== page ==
Wednesday, September 16, 2009


As if getting old wasn’t bad enough now my bones might break?

Well, such a statement isn’t completely true...or is it? I’m referring to the disorder known as osteoporosis. As if the rising population of senior citizens didn’t have enough to worry about, osteoporosis, like high cholesterol and blood pressure is a condition which can occur silently with no symptoms.

What is it?

Osteoporosis is a metabolic bone disease that causes the body to break down bone at a much greater rate then bone formation. There are a few forms of osteoporosis but the most common form is post menopausal. Estrogen is a hormone which aids the body in slowing down the release of calcium from bones. When women enter menopause the amount of estrogen in their body decreases which is one of the many reasons aging women are at a greater risk for developing osteoporosis. But don’t think your safe because your a man. Although women suffer from osteoporosis more then twice as much as men, they are still at risk. This relates similarly to men who experience a decline in testosterone with the effects of aging. Both these hormones play a part in affecting what’s called Bone Mass Density which can be consider as the quality or thickness of your bones.

What are the risk factors?

Need another reason to quit smoking? That’s right, women who smoke usually are much thinner. Having a less lean body mass being applied to their bones usually means a lower bone mass density. Furthermore, smoking interferes with estrogens role in the body and has been shown to cause menopause earlier then in women who don’t smoke. Living a inactive lifestyle with little to no exercise as well as high stress levels can also be risk factors. Stress affects the amount of Calcium and Vitamin D you absorb in your diet, stripping your bones from the nutrients it needs to survive. Enjoy your morning coffee or a beer at the end of the day? Well both alcohol and caffeine can affect not only ones ability to absorb nutrients but are also diuretics which causes us to urinate more and influences our loss of calcium. Try not consuming more then three cups of coffee, tea or soft drinks a day and keep alcoholic intake to a minimum of two drinks daily. Other risk factors consist of being female, over the age of 50, family history of osteoporosis, a diet low in calcium and vitamin D and even certain medications.

How can I stop this from happening to me?

There are many ways a person can decrease their risk of developing osteoporosis. One of the most important ways to reduce ones risk of osteoporosis is get active. Bone mass density usually peaks around the age of 30 and then slowly starts its decline as we enter the aging process. Getting active early as an adolescent or even later as an aging adult can help slow the loss of bone mass density. Most importantly think about implementing weight bearing exercises into your lifestyle and put your muscles and bones to work. Also, focus on exercises which increase your balance and can help reduce the risk of falls which can lead to osteoporosis fractures. However, people who are already suffering from osteoporosis should try and refrain from exercises which put the back into forward flexion such as sit ups, abdominal crunches and cycling. This position puts more force through the back which can lead to fractures. Try increasing the amount of calcium and vitamin D into your diet. Calcium is important for your bones and vitamin D helps it be absorbed. Depending on your age calcium and vitamin D daily requirements can vary. Refer to and the Canadian food guide to see more. Calcium rich foods are milk, cheese, yogurt, and fortified orange juice and soy products. Vitamin D can be found in margarine, eggs, salmon, herring and fish oils (such as cod liver oil).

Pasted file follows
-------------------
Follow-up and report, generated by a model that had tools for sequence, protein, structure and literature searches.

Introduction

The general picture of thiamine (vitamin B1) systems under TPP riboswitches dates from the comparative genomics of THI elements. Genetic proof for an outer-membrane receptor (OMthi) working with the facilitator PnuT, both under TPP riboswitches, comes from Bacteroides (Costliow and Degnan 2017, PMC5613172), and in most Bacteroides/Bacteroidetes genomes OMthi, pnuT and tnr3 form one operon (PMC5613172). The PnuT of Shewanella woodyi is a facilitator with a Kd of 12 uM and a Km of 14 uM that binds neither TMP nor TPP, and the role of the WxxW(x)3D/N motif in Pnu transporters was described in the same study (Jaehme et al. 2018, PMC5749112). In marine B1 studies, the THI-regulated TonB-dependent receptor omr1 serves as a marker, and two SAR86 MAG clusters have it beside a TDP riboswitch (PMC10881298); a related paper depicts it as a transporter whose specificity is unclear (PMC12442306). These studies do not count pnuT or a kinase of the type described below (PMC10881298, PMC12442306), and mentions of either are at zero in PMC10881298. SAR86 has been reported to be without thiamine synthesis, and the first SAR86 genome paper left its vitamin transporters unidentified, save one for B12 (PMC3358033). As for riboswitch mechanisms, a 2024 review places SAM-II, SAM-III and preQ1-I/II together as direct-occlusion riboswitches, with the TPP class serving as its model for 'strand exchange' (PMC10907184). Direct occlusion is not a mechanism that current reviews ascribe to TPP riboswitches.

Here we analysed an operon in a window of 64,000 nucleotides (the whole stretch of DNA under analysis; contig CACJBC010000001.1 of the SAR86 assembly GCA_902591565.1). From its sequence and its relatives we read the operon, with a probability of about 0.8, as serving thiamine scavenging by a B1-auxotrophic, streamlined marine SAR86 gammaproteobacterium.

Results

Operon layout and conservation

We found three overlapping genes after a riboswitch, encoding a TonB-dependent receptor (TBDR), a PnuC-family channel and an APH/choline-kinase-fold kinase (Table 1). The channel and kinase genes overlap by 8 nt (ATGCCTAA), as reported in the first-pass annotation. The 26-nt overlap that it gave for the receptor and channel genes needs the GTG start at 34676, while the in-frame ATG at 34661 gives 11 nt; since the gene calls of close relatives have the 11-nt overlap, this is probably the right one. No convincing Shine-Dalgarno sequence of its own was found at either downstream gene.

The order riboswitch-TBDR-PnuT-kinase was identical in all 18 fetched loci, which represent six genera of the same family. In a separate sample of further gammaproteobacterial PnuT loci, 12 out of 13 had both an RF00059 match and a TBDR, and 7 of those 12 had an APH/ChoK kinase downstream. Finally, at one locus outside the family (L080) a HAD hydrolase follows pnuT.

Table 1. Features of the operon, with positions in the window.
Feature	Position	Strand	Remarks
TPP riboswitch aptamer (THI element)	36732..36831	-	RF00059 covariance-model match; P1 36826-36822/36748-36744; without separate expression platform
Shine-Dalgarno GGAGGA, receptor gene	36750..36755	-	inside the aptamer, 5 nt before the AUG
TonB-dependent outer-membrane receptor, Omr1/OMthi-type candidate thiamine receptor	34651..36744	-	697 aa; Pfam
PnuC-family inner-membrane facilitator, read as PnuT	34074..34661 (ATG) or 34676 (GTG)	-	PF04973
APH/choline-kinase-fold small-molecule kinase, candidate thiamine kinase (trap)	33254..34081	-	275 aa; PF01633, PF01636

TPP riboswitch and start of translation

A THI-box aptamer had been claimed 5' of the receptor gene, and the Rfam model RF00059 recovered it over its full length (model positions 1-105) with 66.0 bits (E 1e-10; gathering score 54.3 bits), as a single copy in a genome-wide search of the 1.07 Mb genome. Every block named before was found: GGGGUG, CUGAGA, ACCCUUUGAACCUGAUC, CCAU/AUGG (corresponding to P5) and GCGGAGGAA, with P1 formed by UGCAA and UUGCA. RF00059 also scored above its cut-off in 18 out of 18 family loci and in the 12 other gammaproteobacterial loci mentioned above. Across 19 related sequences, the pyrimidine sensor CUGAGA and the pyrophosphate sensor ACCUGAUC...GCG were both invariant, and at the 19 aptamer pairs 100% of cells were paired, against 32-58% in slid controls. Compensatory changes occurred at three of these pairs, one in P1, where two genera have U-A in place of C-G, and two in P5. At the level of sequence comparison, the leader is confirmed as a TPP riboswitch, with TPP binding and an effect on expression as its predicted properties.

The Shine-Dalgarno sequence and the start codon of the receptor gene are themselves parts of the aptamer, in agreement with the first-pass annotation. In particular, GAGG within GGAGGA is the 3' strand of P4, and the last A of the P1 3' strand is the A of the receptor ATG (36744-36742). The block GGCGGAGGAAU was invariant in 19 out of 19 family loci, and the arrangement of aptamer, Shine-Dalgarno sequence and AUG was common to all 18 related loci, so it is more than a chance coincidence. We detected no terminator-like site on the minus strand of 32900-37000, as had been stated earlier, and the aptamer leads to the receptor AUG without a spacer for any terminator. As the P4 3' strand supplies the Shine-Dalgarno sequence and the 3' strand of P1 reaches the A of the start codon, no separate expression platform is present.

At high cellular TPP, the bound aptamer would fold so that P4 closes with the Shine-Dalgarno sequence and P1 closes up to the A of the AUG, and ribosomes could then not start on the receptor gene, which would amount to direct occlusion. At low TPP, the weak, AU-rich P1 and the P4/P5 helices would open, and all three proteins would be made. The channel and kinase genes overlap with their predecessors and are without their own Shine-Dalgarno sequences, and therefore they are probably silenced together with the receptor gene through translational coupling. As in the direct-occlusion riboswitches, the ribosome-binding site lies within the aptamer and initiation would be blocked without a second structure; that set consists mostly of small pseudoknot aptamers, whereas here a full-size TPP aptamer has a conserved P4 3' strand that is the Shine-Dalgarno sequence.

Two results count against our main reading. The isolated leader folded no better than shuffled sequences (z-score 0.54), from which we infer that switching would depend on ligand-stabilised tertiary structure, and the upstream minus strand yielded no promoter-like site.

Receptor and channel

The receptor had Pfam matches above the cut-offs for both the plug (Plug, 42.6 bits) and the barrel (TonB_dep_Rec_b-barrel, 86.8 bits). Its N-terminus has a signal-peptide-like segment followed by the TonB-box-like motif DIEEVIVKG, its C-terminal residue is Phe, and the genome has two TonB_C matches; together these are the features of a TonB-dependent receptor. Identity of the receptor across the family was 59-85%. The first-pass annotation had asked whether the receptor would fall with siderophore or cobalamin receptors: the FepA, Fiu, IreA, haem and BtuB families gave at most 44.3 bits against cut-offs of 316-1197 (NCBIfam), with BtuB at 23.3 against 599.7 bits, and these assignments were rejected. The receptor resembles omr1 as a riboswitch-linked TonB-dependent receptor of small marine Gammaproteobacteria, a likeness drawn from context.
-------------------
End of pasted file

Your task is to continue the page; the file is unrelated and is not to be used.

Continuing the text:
Another approach is to modify your risk factors such as decreasing your intake of caffeine, alcohol and cut back on the smoking. The elderly should take precautions to reduce their risk of falls such as keeping hallways and stairwells clear of clutter, installing hand rails in appropriate areas around the house and avoid overly loose fitting clothing, high heels and rugs which are not bolted down. For further insight one should consult their local chiropractor or medical doctor.

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